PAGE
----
Wind turbines producing electricity spin in a field on June 22, 2012 near Gerdshagen, Germany.
Wind turbines producing electricity spin in a field on June 22, 2012 near Gerdshagen, Germany. - 
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One of the world's largest wind farms officially came online this week in Eastern Oregon, with 300 giant turbines spread over dozens of miles.

But the announcement comes at a time of uncertainty for the industry: A federal wind energy tax credit is set to expire at end of the year.

As far as wind projects go, the Shepherds Flat farm is an ambitious undertaking, according to John Audley, deputy director of the non-profit Renewable Northwest Project.

"It is probably two and a half to three times to size of good-sized wind farms," Audley says, "so this is a big wind farm."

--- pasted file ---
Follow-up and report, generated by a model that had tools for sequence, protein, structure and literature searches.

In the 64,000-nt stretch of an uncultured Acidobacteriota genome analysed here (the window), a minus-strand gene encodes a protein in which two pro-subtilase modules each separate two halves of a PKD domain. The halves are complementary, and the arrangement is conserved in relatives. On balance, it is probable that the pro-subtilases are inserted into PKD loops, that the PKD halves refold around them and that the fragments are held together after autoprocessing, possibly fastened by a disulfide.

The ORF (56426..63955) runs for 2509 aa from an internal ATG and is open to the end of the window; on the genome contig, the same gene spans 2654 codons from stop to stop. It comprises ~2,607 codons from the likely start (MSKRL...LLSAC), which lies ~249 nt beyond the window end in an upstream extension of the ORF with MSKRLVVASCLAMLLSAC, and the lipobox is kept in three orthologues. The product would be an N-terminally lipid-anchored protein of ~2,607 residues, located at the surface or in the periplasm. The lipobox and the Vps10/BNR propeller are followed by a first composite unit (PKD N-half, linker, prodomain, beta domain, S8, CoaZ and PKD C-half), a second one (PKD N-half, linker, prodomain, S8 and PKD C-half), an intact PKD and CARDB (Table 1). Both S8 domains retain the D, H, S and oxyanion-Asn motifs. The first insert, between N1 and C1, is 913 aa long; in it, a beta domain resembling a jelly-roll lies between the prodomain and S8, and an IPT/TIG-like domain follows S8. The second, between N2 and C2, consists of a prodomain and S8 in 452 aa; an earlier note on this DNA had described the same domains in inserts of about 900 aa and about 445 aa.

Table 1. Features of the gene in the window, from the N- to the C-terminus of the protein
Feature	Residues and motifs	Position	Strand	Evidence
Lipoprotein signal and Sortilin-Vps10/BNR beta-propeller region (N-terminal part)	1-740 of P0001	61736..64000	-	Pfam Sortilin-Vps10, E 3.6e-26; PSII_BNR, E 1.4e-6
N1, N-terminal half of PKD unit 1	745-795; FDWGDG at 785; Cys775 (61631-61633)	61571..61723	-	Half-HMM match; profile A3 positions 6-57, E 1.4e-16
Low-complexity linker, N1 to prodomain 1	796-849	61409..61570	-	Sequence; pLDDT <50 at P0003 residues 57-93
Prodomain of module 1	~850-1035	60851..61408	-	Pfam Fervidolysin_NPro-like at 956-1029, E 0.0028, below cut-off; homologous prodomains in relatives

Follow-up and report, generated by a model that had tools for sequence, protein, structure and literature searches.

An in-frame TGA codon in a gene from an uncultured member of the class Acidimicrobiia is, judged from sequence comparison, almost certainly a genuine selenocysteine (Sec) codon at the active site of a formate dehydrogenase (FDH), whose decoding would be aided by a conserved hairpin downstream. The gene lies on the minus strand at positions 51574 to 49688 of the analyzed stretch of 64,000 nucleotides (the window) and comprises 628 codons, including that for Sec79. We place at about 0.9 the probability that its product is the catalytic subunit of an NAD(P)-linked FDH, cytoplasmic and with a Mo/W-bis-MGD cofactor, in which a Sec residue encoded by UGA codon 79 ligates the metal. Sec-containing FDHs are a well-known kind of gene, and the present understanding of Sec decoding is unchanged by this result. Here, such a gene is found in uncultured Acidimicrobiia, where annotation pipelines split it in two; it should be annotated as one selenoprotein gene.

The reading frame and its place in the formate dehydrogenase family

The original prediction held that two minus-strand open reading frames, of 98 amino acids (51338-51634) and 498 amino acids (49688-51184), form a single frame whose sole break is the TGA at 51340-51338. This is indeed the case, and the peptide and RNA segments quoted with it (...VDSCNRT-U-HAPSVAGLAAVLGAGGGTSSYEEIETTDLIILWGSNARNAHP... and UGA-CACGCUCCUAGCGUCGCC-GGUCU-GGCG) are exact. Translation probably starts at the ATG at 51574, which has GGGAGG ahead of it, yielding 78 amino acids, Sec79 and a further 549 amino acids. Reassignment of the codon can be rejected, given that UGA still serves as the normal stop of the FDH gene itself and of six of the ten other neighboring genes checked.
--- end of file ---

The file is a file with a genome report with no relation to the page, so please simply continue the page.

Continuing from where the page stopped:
The project's price tag was also big -- just under $2 billion; about half that coming from taxpayer subsidies.

Now some members of the Republican-controlled House want to end government support of green energy. This week, forty-seven congressmen penned a letter to Speaker John Boehner urging him let the federal wind production tax credit expire at the end of this year.  

But that could have repercussions for the industry, says Audley. "It's important to note that the average wind turbine now is made from parts about 60 percent of which are manufactured in the United States and some U.S.-based companies boast as much as 80 percent."

In other words, eliminating that credit could also wind up eliminating jobs. At least that's the argument being put out the American Wind Energy Association. It points to a study that shows letting the tax credits lapse could cost the U.S. more than 37,000 jobs.

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